Igiaba Scego

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Igiaba Scego (born 20 March 1974 in Rome)[1] is an Italian writer, journalist, and activist of Somali origin.

Igiaba Scego
Igiaba Scego speaking at Festivaletteratura.
Igiaba Scego speaking at Festivaletteratura.

Biography[edit]

Scego's father was a prominent Somali politician.[2] She graduated in Foreign Literature at the First University of Rome (La Sapienza) and obtained a PhD in pedagogy at the Third University of Rome. Presently, she is writing about and researching cultural dialogue and migration.

Works[edit]

She writes for various magazines dealing with migrant literature and African literature,such as Latinoamerica, Carta, El Ghibli and Migra. Her works include autobiographical references, and they depict the delicate balance between her two cultural realities, the Italian and Somali.

In 2003, she won the Eks & Tra prize for migrant writers with her story "Salsicce", and published her debut novel, La nomade che amava Alfred Hitchcock. In 2006 she attended the Literature festival in Mantua.

Scego collaborates with newspapers such as La Repubblica and Il manifesto and contributes to the magazine Nigrizia with an opinion column, titled "The colors of Eve". In 2007 along with Ingy Mubiayi, she edited the short story collection Quando nasci è una roulette. Giovani figli di migranti si raccontano. It follows the story of seven boys and girls of African origin, who were born in Rome of foreign parents or came to Italy when young. In 2011, she won the "Premio Mondello" with her book La mia casa è dove sono, which was published the previous year by Rizzoli. In 2017, her book Adua was translated into English by Jamie Richards, and in 2019, Aaron Robertson translated her book Oltre Babilonia, again into English, with the title Beyon Babylon.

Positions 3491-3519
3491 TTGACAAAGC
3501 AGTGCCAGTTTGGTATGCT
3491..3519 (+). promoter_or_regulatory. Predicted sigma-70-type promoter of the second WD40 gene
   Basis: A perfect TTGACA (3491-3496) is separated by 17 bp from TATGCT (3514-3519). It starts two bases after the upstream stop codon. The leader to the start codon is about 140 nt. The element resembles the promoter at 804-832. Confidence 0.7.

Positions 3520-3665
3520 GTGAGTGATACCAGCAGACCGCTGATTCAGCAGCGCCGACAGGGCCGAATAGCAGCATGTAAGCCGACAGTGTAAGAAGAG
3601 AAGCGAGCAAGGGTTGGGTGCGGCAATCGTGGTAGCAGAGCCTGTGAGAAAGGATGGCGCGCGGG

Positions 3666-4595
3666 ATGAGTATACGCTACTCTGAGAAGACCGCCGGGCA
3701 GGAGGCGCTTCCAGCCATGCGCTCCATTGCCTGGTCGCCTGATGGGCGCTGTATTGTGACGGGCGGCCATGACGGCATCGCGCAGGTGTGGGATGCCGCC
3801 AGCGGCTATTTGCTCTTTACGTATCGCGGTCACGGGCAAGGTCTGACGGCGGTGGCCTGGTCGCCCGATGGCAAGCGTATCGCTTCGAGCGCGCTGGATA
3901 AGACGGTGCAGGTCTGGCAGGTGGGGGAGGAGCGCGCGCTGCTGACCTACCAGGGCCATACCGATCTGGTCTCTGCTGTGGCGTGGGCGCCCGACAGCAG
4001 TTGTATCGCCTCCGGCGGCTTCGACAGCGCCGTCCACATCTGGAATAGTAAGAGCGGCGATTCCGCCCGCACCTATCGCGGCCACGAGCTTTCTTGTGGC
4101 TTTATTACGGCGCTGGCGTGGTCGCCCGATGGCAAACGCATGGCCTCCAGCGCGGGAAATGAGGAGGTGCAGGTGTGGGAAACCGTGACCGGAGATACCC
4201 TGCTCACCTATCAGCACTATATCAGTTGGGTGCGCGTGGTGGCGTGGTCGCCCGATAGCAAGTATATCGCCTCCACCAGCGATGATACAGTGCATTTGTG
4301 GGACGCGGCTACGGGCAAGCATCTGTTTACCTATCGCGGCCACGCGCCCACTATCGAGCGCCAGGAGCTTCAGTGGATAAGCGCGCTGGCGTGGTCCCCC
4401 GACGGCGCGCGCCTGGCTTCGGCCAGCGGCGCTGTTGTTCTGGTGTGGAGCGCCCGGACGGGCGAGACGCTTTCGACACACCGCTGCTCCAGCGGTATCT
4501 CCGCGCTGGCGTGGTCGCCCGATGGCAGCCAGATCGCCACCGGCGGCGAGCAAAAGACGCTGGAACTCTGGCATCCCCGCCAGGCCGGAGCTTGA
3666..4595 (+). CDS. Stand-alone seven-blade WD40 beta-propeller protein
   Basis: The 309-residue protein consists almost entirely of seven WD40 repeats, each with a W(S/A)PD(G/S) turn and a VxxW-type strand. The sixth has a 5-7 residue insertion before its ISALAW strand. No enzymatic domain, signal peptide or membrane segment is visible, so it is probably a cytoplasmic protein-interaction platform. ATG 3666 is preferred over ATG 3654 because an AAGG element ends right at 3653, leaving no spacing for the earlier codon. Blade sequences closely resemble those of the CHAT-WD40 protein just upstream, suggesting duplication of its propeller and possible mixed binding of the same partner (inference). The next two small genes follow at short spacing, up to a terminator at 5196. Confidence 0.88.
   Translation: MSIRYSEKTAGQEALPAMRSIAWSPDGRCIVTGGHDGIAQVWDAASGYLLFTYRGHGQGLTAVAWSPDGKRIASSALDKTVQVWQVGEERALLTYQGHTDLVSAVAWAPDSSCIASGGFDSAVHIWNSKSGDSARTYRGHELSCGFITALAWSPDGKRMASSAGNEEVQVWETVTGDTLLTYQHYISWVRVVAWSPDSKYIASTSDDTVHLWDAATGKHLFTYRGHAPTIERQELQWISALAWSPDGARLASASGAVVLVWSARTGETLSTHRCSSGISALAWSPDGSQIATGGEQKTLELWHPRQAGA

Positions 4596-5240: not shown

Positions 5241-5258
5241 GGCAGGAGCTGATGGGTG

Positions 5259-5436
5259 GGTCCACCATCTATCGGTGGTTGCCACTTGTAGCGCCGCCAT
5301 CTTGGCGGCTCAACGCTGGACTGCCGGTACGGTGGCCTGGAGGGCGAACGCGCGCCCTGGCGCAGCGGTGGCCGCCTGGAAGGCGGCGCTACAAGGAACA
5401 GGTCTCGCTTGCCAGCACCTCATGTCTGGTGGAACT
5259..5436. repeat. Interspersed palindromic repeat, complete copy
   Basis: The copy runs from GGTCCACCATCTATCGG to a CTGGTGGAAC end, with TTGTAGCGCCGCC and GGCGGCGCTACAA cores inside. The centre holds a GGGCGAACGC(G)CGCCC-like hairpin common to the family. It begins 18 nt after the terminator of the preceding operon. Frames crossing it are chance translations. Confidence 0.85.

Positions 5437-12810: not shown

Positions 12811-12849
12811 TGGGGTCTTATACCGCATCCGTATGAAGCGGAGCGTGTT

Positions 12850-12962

Bibliography[edit]

  • La nomade che amava Alfred Hitchcock, Rome: Edizioni Sinnos, 2003.
  • Rhoda, Rome: Edizioni Sinnos, 2004.
  • Pecore nere. Racconti with Gabriela Kuruvilla, Ingy Mubiayi, Laila Wadia, Roma-Bari, Laterza, 2005.
  • Quando nasci è una roulette. Giovani figli di migranti si raccontano, Edizioni Terre di Mezzo, 2007.
  • Amori Bicolori. Racconti, Roma, edizioni Laterza, 2007.
  • Oltre Babilonia, Donzelli editore, 2008. English translation (by Aaron Robertson): Beyond Babylon, Two Lines Press, 2019.
  • L'albero in Nessuna Pietà, Salani editore, 2009.
  • La mia casa è dove sono, Rizzoli, 2010. Libro autobiografico che descrive una famiglia dispersa tra Somalia, Gran Bretagna e Italia.[3]
  • Roma Negata, coautrice con Rino Bianchi. Ediesse, 2014.
  • Adua, Giunti 2015. English translation (by Jamie Richards): Adua, New Vessel Press, 2017.

References[edit]

  1. ^ "Rimappare l'Italia. Incontro con la scrittrice Igiaba Scego" (PDF). Quaderno Culturale Queens College Italian Program Newsletter (Spring): 3–4. 2014. Retrieved 29 March 2017.
  2. ^ "Igiaba Scego biog, Institute of Modern Language Research". Archived from the original on 3 May 2016. Retrieved 29 March 2017.
  3. ^ "A Review of La mia casa è dove sono" (PDF). Quaderno Culturale Queens College Italian Program Newsletter (5, Spring). 2014. Retrieved 29 March 2017.

Further reading[edit]

  • Simone Brioni. The Somali Within. Language, Race and Belonging in 'Minor' Italian Literature. Cambridge: Legenda 2015.

External links[edit]